While Dan Uggla’s continued struggles at the plate have become a thorn in the side of many Atlanta Braves fans, the team does not appear likely to release their second baseman in the near future. The Braves simply do not appear interested in swallowing the nearly $24 Million that remains on his contract, according to MLB.com’s Mark Bowman.
Uggla’s poor production at the plate has been a concern since he first arrived in Atlanta prior to the 2011 season. Since that time he’s managed to hit just .211/.318/.396, while seeing those numbers slip further with each passing season. This year he’s managed a meager .184/.241/.272 line through his first 112 plate appearances, while seeing his power nearly disappear. He’s also striking out 27.6% of his trips to the plate, well above the National League average.
Along with the extreme lack of production at the plate, Uggla has drawn the ire of most Braves fans who hold high expectations for their team’s performance. The Braves may be sitting near the top of the NL East – thanks largely to a pitching staff that’s performing above expectations – but the flaws that Uggla brings to the table have started to become more widely noticed (or at least singled out). This has resulted in an abundance of questions about how the organization should go about addressing the problem.
Atlanta does have alternative options for second base. Both Ramiro Pena and Tyler Pastornicky appear to be getting more time at second base and will continue to do so in the coming weeks, Bowman notes. Neither player is necessarily going to tear the cover off the ball at the plate, but they would appear to bring a quicker first step defensively and a little more energy to the table than Uggla has been providing in recent weeks. Pastornicky does also bring a little speed to the team’s roster, despite his lack of stolen bases.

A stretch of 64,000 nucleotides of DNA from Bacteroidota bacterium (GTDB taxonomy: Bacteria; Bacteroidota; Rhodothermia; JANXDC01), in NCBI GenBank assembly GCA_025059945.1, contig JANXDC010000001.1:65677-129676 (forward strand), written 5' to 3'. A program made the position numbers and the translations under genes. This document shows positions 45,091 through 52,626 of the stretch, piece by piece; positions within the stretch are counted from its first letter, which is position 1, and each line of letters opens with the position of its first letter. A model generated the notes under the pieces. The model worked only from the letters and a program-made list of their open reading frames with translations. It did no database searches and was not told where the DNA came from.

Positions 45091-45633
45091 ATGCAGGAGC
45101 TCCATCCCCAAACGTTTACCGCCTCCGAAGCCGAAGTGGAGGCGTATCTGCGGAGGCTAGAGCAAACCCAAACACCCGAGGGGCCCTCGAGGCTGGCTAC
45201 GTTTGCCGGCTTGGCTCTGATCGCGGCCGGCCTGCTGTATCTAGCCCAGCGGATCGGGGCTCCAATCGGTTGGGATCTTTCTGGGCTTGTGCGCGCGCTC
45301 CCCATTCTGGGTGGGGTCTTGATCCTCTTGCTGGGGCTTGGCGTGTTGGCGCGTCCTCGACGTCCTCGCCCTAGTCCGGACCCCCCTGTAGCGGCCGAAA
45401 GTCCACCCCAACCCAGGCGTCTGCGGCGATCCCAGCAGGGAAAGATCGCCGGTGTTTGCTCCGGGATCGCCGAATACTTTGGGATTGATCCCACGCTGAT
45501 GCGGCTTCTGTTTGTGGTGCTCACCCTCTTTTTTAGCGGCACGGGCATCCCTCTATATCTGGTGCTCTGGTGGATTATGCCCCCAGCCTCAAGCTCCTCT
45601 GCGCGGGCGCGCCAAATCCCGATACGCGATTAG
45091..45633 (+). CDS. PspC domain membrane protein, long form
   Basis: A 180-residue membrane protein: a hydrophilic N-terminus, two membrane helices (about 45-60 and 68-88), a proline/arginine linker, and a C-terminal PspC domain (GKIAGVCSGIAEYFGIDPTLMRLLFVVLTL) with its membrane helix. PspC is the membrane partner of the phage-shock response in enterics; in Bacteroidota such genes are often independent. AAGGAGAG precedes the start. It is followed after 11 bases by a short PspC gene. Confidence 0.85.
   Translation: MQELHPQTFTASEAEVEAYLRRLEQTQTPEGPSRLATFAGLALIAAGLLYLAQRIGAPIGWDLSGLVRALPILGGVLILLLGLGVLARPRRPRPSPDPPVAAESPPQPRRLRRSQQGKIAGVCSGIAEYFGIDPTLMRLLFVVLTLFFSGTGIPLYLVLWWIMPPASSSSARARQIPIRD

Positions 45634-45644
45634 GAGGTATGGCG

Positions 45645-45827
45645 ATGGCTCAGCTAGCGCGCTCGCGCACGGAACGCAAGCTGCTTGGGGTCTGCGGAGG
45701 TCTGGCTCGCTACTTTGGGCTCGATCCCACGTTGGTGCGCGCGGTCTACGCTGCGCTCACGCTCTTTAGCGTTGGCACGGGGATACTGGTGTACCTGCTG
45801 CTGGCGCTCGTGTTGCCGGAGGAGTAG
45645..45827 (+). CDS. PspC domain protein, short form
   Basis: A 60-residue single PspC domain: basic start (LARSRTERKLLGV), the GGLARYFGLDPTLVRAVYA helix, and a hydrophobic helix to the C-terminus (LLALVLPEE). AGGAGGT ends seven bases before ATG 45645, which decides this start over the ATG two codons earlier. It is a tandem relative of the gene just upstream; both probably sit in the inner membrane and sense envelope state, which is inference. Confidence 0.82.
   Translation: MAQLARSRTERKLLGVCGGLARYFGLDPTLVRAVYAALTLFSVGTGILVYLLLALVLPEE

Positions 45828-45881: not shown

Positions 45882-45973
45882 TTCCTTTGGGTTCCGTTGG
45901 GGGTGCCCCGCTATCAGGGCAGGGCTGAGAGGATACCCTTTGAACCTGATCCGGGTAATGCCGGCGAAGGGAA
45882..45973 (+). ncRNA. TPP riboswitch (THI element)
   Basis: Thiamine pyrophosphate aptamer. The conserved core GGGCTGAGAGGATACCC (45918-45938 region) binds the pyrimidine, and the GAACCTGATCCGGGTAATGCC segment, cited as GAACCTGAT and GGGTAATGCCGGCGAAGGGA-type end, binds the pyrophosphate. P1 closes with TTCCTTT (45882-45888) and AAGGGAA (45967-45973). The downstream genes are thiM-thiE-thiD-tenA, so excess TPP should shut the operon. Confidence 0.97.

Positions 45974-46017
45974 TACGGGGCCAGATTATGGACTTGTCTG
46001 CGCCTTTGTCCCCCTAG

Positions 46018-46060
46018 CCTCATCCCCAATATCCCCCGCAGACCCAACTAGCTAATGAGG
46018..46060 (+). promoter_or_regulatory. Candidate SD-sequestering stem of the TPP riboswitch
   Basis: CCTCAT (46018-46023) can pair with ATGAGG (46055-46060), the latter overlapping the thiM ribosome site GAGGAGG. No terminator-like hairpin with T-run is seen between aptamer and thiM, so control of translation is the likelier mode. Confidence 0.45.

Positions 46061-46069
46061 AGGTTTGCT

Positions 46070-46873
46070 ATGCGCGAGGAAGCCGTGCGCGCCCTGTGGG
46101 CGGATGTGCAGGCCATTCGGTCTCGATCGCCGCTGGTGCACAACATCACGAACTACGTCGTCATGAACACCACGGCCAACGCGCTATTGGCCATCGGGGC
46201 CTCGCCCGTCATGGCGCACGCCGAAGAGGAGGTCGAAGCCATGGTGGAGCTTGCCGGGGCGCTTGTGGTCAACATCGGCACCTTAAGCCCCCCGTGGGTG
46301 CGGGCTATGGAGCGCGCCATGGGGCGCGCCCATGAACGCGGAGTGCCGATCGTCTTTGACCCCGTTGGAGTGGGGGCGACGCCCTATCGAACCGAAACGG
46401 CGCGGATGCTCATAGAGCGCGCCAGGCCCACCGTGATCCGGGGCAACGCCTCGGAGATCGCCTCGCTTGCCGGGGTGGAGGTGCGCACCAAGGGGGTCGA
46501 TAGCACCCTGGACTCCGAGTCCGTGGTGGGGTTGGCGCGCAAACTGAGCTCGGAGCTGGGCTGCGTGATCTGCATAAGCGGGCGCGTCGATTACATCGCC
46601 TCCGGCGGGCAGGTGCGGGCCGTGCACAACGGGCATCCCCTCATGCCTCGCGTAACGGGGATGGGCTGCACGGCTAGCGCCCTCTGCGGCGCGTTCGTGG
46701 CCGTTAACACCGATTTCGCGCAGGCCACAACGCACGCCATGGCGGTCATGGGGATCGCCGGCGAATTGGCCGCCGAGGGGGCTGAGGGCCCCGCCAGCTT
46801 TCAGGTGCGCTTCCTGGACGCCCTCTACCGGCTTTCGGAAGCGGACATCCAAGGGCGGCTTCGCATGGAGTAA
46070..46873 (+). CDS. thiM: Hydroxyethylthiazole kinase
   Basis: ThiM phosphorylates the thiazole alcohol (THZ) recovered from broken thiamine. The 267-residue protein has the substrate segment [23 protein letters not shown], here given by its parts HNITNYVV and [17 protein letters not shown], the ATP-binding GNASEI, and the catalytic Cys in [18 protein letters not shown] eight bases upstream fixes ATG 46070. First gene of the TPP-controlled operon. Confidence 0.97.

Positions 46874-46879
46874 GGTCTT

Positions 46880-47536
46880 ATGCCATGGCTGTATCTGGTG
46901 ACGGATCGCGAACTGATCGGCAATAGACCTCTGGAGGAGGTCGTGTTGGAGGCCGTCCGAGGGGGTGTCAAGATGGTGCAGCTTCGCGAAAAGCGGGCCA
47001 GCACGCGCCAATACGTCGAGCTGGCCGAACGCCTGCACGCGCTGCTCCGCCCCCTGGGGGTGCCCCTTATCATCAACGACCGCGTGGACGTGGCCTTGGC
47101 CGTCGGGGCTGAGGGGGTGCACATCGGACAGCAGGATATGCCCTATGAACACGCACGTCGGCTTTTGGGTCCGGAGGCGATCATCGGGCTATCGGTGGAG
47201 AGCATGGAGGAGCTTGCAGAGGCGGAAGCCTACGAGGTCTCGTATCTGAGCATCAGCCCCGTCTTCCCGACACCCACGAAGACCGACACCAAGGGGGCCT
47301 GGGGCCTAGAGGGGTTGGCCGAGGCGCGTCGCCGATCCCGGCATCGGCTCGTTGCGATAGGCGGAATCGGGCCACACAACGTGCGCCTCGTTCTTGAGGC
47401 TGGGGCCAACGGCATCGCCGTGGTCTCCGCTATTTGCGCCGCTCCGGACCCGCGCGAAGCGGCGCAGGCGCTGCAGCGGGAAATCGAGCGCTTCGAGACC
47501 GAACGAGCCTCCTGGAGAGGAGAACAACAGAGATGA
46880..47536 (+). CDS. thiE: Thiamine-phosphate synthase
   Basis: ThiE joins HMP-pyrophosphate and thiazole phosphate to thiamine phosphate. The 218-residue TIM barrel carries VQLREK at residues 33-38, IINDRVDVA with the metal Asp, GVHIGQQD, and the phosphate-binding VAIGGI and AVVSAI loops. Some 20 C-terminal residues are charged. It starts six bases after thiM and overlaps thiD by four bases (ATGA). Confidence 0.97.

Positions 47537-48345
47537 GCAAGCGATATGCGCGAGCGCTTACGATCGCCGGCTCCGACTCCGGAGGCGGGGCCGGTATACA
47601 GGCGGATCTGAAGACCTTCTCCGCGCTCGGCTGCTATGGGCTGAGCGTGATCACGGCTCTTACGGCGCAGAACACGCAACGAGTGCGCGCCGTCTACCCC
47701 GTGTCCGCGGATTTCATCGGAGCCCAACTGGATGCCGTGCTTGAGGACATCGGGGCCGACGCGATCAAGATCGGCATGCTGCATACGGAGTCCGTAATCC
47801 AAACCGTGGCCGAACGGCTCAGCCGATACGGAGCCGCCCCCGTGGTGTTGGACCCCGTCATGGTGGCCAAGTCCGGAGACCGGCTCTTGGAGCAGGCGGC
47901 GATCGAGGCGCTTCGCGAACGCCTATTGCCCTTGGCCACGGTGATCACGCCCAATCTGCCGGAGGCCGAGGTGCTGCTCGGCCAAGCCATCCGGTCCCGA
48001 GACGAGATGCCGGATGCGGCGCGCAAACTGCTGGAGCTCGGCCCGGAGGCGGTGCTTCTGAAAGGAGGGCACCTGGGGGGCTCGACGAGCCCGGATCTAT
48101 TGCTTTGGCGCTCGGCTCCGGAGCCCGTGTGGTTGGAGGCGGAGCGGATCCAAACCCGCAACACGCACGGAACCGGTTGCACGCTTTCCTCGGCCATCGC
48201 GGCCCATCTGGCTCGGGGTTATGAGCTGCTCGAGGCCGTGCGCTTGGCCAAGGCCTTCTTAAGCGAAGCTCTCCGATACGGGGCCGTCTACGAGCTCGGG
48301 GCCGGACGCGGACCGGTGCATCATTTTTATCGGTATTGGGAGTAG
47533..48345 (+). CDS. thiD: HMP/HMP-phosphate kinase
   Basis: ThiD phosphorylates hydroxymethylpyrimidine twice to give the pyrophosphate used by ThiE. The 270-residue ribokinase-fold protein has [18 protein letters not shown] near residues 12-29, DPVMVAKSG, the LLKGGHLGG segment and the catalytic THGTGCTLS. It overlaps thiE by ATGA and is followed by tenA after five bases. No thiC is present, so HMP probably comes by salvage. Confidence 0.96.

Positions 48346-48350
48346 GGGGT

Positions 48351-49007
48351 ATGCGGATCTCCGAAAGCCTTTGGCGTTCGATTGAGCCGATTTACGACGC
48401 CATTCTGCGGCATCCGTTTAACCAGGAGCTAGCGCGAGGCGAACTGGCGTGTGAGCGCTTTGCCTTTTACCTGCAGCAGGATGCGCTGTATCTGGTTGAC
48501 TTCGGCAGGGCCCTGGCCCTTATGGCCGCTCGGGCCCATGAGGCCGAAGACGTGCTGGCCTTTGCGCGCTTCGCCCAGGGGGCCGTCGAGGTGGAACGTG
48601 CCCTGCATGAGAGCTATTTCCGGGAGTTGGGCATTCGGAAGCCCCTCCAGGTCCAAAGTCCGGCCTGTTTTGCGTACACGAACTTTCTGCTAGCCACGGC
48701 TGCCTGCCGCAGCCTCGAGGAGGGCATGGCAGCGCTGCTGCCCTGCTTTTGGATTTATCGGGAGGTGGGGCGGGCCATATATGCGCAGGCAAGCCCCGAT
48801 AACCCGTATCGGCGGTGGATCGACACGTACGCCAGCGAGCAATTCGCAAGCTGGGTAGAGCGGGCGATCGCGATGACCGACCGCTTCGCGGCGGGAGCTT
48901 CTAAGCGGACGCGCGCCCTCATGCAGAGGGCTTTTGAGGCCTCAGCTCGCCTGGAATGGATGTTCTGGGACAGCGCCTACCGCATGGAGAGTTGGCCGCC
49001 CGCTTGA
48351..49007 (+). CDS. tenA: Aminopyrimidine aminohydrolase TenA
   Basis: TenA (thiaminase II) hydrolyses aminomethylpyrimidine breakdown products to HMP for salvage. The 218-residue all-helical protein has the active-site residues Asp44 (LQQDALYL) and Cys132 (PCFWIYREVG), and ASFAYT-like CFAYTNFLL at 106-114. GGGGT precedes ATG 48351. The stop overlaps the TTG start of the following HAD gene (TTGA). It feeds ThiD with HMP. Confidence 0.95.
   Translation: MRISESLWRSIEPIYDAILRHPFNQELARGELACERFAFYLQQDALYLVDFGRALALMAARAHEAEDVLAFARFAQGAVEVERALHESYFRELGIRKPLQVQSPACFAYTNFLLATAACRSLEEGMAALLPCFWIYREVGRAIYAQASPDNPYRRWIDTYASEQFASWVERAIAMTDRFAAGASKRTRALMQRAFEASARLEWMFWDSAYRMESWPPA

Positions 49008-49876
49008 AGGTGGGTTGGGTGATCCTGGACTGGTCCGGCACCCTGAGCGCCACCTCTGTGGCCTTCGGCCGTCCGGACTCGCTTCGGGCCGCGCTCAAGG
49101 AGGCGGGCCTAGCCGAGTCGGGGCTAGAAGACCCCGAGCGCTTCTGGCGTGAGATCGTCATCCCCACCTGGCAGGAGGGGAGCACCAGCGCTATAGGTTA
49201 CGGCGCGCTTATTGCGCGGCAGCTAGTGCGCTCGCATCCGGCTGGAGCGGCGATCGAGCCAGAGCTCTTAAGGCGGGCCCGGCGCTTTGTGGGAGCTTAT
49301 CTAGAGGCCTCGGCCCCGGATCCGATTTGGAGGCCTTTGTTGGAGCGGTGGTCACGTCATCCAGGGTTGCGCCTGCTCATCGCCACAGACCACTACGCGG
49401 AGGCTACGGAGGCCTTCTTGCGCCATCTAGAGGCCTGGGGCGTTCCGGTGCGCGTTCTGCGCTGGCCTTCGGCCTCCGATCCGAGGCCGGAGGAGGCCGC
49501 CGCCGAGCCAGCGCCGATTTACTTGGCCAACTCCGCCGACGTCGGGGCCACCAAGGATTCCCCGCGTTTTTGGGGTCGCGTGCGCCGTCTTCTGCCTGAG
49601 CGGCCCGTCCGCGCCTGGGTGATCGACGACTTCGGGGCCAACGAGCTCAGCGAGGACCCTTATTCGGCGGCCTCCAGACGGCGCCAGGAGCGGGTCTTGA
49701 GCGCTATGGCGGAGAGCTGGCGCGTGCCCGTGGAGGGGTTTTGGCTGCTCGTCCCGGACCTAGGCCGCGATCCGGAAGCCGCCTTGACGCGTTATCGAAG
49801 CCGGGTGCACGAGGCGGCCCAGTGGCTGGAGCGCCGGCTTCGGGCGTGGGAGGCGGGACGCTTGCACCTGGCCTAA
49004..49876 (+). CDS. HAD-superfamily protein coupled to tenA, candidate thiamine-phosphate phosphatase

All in all, they are likely just placeholders until the team is ready to promote top prospect Tommy La Stella to the Major Leagues. La Stella burst onto the radar with a solid season last year that he followed up with an outstanding campaign in the Arizona Fall League. He’s continued that production this year in his first taste of Triple-A, batting .300/.372/.327 through his first 129 PA. While not a significant power threat (his career best of nine home runs came in his first professional season at Class-A Rome), La Stella’s ability to get on base and hit for contact make him a clearly intriguing option for Atlanta’s free swinging lineup.
Bowman adds that there is some sentiment on the team’s active roster that would prefer to see Pastornicky get an opportunity at regular playing time before the team rushes La Stella into the mix, which appears to be a reasonable request. The two profile as similar players. Pastornicky has the advantage of defensive versatility while La Stella will likely be the better offensive threat long term. Unless the team is able to find another means to move Dan Uggla off their active roster then it’s unlikely the pair will both be able to find playing time with regularity while at the same level.